I’ve pulled many trout out of many bodies of water, but never Lake Champlain. But in my experience, fishes are alike all over and all you need is a little know-how and a dichotomous key.

I’m a detective, so I’m not green when it comes to slimeballs. But I’m a fish detective, so I know some scaleballs, too. This year it is my distinct honor to be a part of the Lake Champlain Maritime Museum’s One and Only Fish Camp!

It’s going to be a heck of a week! Together, we will explore every trick in the book for fish-catching, from seine nets to rods and reels. We’ll get inside the heads of fish, think how they think, swim how they swim, and peek into their homes with state-of-the-art camera equipment. We’ll learn what exactly makes a fish- from the adipose fin to the lateral line.

Yes, my friend, there is a lot to do out here on the lake, and there’s always more to learn about the lake’s slippery inhabitants. I hope to teach and learn with you at The One and Only Fish Camp!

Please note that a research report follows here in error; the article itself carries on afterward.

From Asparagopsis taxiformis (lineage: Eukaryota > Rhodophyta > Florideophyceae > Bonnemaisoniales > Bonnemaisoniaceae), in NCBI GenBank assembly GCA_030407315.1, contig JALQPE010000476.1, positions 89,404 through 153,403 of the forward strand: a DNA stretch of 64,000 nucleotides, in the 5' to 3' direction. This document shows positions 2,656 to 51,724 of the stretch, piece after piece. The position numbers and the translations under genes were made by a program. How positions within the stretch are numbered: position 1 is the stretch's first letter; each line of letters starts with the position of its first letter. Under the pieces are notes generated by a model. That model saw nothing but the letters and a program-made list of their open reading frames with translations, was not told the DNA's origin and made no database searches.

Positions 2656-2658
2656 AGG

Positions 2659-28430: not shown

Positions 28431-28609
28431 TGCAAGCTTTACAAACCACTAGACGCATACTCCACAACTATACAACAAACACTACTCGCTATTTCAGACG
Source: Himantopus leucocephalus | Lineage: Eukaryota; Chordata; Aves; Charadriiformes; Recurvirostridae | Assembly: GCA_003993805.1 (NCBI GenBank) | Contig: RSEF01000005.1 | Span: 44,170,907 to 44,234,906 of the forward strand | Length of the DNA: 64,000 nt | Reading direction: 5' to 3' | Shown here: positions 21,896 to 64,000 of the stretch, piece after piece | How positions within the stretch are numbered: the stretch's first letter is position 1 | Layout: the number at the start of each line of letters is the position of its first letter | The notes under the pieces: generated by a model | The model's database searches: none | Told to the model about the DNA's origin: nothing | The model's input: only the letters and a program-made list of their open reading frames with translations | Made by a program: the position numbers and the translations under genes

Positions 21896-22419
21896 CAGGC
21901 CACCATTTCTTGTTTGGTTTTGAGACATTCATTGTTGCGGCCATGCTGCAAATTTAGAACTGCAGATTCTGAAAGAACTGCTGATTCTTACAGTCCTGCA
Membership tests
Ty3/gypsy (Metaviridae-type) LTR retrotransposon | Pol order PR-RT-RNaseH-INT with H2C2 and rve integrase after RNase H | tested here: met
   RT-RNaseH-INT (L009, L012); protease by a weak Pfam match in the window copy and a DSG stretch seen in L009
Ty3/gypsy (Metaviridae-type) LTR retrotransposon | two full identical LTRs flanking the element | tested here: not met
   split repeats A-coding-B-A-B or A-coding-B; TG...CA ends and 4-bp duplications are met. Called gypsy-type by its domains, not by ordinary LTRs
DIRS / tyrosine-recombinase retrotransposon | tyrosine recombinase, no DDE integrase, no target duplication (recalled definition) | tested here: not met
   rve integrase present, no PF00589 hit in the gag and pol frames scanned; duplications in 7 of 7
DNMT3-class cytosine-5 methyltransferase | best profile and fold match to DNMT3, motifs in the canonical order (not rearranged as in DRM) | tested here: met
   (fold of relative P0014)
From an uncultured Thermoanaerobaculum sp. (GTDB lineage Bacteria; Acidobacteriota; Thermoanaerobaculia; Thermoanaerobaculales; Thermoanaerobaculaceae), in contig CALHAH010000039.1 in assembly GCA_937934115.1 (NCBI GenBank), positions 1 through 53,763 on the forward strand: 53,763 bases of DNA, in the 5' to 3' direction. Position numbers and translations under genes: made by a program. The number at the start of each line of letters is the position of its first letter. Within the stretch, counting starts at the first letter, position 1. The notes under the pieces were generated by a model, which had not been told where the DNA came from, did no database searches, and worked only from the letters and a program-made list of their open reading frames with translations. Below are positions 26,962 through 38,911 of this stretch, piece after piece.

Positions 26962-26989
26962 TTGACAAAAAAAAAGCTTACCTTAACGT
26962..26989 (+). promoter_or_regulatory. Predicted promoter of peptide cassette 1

Rainbow Trout Roz is proud to be a fish camp counselor from June 26th-June 30th

Tugboat U. S. La Vallee Shipwreck to Become Underwater Historic Preserve

Tugboat U. S. La Vallee

A new Underwater Historic Preserve in Lake Champlain will open for divers this summer, thanks to a 2017 Corridor of Commerce Grant from the Champlain Valley National Heritage Partnership. “We are excited that the 1880 tugboat U. S. La Vallee will become a new preserve,” says Chris Sabick, Archaeological Director at Lake Champlain Maritime Museum (LCMM) and Maritime Research Institute (MRI).  “We will use the grant funds to establish the infrastructure that makes it possible for divers to safely visit the wreck site. Providing public interpretation of the wreck is also an important part of the project.” The U. S. La Vallee is an example of the small, steam-powered commercial tugs that operated along the east coast and inland waterways of the United States in the late nineteenth and early twentieth centuries.